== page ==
In preparing for a recent discussion in my “Teaching Music in Higher Education” course, I reflected on my own undergraduate core curriculum. And, truly for the first time, I appreciated how much I gained from those experiences… To wit:
In an “every-freshman-must-take-it” world cultures course, we read the Tao Te Ching. I was captivated, and some further research led me to Buddhism, which became the spiritual underpinning for my adult life.
An honors course my freshman year was all about modernism. I have drawn on that knowledge of people / works of art / schools of thought involved in modernism an untold number of times, particularly considering that one of my specialties is new music.
A sociology class which I was sure I’d hate was actually fascinating — I had never before thought about norms, social mores and folkways, group-think, etc. These issues are of course a part of everyday life, in and out of academia and the music business.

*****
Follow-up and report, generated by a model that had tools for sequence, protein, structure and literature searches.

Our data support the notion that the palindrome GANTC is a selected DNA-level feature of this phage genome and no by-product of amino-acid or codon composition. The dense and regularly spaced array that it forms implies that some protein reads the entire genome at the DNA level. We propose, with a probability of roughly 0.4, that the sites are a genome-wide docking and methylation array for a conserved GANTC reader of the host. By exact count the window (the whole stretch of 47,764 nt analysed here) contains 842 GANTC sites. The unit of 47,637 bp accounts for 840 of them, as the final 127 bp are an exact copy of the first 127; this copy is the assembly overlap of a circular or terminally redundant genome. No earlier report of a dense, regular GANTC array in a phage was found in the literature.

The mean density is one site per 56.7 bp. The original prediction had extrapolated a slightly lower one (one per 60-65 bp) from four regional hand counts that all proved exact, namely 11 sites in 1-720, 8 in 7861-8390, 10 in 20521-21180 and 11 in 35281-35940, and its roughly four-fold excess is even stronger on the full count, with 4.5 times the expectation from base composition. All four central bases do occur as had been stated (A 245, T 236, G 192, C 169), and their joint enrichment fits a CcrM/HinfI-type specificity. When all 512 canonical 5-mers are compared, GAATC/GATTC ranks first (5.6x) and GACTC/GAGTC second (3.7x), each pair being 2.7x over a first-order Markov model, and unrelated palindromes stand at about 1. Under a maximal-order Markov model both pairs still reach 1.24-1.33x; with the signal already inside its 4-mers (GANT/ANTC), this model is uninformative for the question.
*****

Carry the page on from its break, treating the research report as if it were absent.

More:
And randomly, in a conversation about effective studying for an upcoming test, my math professor introduced the Pomodoro Technique. Anyone that knows me well will attest that I’m fascinated by productivity, efficiency, and simplicity, and this conversation was absolutely the seed of that lifelong interest.
All of these things have direct influence on my daily life, and they all came from my studies in the core curriculum. So, I hereby vow to never again help my advisees “get the core curriculum out of the way.” Instead, I’ll do my very best to help them transfer knowledge and inspiration from those enriching activities to their work and life in their chosen field.
Kyle Ferrill teaches voice and vocal pedagogy at the University of Memphis, SongFest, and the Interlochen Arts Camp and performs around the country, primarily in art song and oratorio.